AS the industry brings to an end a year of celebrations marking 100 years of the Forestry Act and the establishment of the Forestry Commission to restore the country’s woods and forests, attention is now sharply focussed on the next 100 years and the role this critical industry will play in shaping Scotland’s future. 

A hidden gem of the Scottish economy, the forestry and timber processing sector has seen significant growth over the last decade. 

In 2015 a study by CJC Consulting, commissioned by the then Forestry Commission Scotland, now Forestry and Land Scotland, put the sector’s annual economic contribution at £1 billion, supporting over 25,000 jobs.

The ambition is to double the sector’s contribution to £2 billion by 2030, with an emphasis on increased timber harvesting and processing, as well as woodland creation. 

The demand for sustainable building materials to meet the country’s housing needs and a shift towards less reliance on imported timber and paper continues to be a driver for this sector. 

But new woodland is also critical. 

In 2018/19 alone, Scotland planted 11,200 new hectares of woodland – the equivalent of 22 million trees. 

The Scottish Government is committed to increasing woodland cover from 18 per cent to 21% by 2032 through new planting and reforestation. 

Woodland creation is key to Scotland achieving its Net Zero 2050 targets, as trees lock up carbon, reducing the amount of harmful greenhouse gases in the atmosphere.  Indeed, every tree will become a soldier in the fight against climate change. 

Add to this the value of forestry to Scotland’s iconic landscape, the rich biodiversity our woodlands support and the important contribution to people’s health and wellbeing, you begin to see why this sector is so critical to the future of this country. 
But with opportunities come challenges. The sector has an ageing workforce which will need to be replaced over time. 

This has been recognised by the Scottish Government which brought together a wide range of stakeholders from both the private and public sectors in June of this year at two Forestry Skills Summits, first in Inverness and then in Dumfries. This was then followed by the recently published Review of the Future Forestry Workforce in Scotland. 

READ MORE: Sustaining the future of Scotland’s forestry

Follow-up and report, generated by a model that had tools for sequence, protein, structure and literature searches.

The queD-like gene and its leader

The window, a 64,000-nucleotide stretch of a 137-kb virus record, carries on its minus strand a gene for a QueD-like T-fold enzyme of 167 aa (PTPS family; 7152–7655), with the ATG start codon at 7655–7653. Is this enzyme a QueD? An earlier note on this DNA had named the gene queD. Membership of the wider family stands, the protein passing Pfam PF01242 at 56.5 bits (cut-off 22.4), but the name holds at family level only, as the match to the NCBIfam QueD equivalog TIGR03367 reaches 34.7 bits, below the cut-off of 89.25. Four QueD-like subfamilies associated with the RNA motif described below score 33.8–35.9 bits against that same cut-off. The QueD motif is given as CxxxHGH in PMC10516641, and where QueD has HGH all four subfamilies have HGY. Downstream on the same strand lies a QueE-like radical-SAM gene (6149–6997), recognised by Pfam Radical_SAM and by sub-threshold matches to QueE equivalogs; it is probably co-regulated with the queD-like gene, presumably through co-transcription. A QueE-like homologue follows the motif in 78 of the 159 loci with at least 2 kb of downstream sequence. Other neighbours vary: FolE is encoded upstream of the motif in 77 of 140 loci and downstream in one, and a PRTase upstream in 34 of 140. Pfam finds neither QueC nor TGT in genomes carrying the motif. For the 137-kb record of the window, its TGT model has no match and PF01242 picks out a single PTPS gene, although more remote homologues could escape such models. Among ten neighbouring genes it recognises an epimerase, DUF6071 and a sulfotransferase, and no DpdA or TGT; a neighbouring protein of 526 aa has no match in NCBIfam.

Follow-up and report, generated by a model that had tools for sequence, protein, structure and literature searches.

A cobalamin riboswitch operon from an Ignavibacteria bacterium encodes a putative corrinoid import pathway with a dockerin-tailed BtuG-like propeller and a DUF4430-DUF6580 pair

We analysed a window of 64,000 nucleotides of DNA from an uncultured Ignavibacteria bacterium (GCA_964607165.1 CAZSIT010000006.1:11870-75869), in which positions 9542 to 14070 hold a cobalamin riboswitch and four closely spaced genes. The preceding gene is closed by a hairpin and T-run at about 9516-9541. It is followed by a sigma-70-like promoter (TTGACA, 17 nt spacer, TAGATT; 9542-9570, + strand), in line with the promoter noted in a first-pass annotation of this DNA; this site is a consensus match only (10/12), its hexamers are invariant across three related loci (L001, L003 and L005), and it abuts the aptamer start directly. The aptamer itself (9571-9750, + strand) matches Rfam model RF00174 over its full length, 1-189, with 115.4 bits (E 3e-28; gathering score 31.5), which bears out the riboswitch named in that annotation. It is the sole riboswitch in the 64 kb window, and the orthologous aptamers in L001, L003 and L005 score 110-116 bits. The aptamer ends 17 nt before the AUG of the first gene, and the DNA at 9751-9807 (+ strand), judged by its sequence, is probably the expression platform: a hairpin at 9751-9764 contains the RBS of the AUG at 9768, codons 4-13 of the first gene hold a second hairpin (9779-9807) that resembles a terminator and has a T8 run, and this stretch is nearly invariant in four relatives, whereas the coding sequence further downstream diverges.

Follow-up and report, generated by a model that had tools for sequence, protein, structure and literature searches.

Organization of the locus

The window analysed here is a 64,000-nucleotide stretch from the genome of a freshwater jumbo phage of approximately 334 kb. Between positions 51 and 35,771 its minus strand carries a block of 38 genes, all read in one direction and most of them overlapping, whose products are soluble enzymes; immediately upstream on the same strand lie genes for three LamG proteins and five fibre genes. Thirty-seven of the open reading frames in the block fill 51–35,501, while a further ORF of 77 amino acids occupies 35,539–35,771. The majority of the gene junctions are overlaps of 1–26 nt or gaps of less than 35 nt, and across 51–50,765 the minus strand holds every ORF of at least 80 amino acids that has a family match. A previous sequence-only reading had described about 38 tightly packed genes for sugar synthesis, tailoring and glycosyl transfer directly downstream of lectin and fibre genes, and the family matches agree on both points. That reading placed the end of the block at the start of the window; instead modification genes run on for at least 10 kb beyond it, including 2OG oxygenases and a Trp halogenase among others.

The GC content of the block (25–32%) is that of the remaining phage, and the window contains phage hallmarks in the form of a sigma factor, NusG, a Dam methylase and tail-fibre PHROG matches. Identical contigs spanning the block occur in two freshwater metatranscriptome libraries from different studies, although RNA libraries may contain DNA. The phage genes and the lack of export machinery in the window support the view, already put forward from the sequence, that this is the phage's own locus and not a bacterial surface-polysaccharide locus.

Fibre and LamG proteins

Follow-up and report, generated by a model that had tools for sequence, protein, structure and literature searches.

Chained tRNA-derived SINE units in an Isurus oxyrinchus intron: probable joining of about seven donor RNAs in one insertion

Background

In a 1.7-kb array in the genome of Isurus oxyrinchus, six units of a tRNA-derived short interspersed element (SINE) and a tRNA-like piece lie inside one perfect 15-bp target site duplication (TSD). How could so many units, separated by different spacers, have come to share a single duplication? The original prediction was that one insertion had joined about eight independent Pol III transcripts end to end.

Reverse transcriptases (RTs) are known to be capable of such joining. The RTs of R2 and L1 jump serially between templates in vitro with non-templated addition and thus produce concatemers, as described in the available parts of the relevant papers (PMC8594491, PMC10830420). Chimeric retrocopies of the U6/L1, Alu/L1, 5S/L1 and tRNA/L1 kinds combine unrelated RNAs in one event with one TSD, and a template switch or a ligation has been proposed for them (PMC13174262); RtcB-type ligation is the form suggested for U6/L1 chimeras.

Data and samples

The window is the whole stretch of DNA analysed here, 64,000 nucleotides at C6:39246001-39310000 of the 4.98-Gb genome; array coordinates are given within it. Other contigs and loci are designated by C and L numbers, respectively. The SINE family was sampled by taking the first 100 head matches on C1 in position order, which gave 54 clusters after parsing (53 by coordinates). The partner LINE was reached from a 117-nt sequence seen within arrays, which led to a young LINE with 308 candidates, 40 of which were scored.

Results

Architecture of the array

The findings suggest that six sub-sectors of the industry will need to recruit up to 70% of its existing workforce over the next 10 years. 

This isn’t just to replace those who retire and those who leave through natural attrition but to meet the increased activity in both woodland creation and harvesting.
All of this is happening against a backdrop of fewer forestry-related education providers in Scotland. 

At the Scottish School of Forestry, part of the University of the Highlands and Islands, we are in a unique position to respond to both the challenges and the opportunities this future growth in workforce presents. 

We are currently the only provider of undergraduate Higher Education in Forest Management and the only provider of both Higher and Further Education in Forestry in the UK. 

Offering programmes for secondary school pupils through to honours degree, as well as commercial courses, work-based and distance learning options, the Scottish School of Forestry has over 45 years of delivering training, at all levels, to industry. 

We value our industry partners who help us keep our curriculum current and fit for purpose, providing our students with industry insight through guest lectures, industry awards, site visits, work placements, trips and events, meaning our graduates are industry-ready when they leave us.

Forestry, like other rural land-based sectors, suffers from an outdated perception. When people think about forestry, they think of flannel shirts and chainsaws. 
Of course, there’s still lots of manual work, but today’s sector is now heavily technology-driven, requiring a high degree of skills and expertise. 

Our students train to operate harvesters using the latest industry-specific computer simulation technology, while on the ground foresters are using virtual reality headsets to load timber and drones help forest managers collect data quickly. 

READ MORE: A modern vision for forestry 

The sector also needs a workforce with diverse skills and expertise: tree breeders and growers to work in nurseries; forest managers who understand soils and what tree to plant in any given location; harvesting managers who can accurately measure the timber that can come out of a forest and how to manage that process; ecologists to make sure we discharge our responsibilities for looking after the environment and recreation rangers who can help visitors get the most enjoyment from our forests. 

Now is the opportune time to attract young people into our sector. With the recently recognised climate emergency requiring more tree planting and greater use of sustainable resources, our sector offers a practical way for young people to make a difference. 

We’ve come a long way in 100 years and have a lot to be proud of, but it’s time to get the message out that the forestry sector is one for the future, not the past.
Amanda Bryan, is head of the Scottish School of Forestry, Inverness College UHI.